This information contains some important statistics that may want to be shared with adolescents possibly while they are in school or while they are at a doctors office or clinic discussing birth control options. If they see what others are doing, and hopefully, the mistakes others are making, they can learn from the others instead of having to learn for themselves.

Deal, L.W., & Holt, V.L. (1998), Young maternal age and depressive symptoms: Results from the 1988 national maternal and infant health survey. American Journal of Public Health, 88(2), 266-273.

    The aim of this non-experimental study was to provide population-based estimates of the prevalence of depressive symptoms among primiparous US adolescent mothers. Associations between young maternal age, socio demographic characteristics, and depression were explored in a large, nationally representative sample. The sample population included black and white primiparous adolescent mothers. The comparison group included primiparous women between 25 to 34 years of age. The sample size was 1796 recipients. The instrument is shown to be a reliable and valid instrument across racial and gender categories. Independent variables include maternal education, marital status, current smoking, family income and current receipt of AFDC and WIC. Dependent variables include level of depression and age of mother.

    Results show that teen mothers of both races were more likely than adult mothers to be depressed: 48% of 15-to 17-year old Black teen mothers and 28% of White teens were depressed, as were 37% of Black 18-to 19-year olds and 33% of Whites. Black and White 25-to 34-year olds were 25% and 14%. A similar research study found that the rate of depressive symptomatology among adults was 9% and teen mothers were 67%. In another previous research study, findings indicated a positive correlation between maternal depression and multiparous adolescents. They indicated that they were more depressed than the primiparous teenagers were. Regardless of number of children, studies show that teen mothers are more likely to be depressed compared to adult mothers.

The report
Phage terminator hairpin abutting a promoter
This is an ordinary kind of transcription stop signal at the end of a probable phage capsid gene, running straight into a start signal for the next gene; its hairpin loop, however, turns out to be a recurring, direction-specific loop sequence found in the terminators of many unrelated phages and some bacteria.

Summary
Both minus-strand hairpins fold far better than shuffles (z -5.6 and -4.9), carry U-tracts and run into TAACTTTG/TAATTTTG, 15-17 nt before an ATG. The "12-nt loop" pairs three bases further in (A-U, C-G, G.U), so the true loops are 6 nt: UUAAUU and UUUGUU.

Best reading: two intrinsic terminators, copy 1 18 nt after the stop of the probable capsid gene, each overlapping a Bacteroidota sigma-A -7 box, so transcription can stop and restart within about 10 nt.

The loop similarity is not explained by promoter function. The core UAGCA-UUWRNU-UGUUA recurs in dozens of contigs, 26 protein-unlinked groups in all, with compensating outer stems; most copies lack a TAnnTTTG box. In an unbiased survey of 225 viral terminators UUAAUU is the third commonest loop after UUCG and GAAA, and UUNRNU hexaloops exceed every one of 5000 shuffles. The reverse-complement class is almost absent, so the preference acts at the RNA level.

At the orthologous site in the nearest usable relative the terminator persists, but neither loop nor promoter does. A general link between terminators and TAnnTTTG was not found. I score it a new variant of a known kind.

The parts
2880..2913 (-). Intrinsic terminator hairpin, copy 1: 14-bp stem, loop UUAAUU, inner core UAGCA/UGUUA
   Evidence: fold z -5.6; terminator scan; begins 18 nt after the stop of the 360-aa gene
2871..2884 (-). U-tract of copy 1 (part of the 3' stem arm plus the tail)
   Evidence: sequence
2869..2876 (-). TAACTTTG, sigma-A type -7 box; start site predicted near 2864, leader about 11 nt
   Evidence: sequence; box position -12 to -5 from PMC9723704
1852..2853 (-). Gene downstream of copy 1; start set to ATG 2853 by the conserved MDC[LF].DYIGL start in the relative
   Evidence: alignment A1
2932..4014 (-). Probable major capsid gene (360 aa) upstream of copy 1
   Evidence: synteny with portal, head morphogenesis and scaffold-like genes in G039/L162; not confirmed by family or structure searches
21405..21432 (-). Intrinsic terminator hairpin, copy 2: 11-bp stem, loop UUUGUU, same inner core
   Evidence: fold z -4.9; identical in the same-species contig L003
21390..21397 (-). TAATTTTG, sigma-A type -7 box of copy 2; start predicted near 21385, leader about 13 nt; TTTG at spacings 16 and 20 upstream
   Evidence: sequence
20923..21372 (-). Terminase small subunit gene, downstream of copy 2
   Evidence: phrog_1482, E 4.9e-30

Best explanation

The presence of depressive symptoms among teen mothers in this study was associated with Black race, unmarried status, low educational attainment, WIC and AFDC, and food stamp recipients. These findings indicate that maternal depression varies by race and socio demographic characteristics and is related to inadequate social support and dependence on public assistance. The findings can be used to educate teenage mothers about ways to prevent depression or overcome depression by graduating high school, working a good paying job and supporting themselves and the baby, and getting married. Age and race are uncontrollable variables with depression once pregnancy has been determined. Because the reliability and validity is mentioned in this article, this article is supported.

Donnelly, B., & Voydanoff, P. (1996, October). Parenting versus placing for adoption. Family Relations, 45 (4),427-435.

      This study examined the consequences of parenting versus placing for adoption and the impact of this decision on the lives of young women. These parents were reviewed over a 24-month period and looked for indications of regret between the parents who chose to place and those who did not. It also looked at the differences in depression, personal efficacy, and the influence of socioeconomic status with the relationship to parenting or choosing adoption.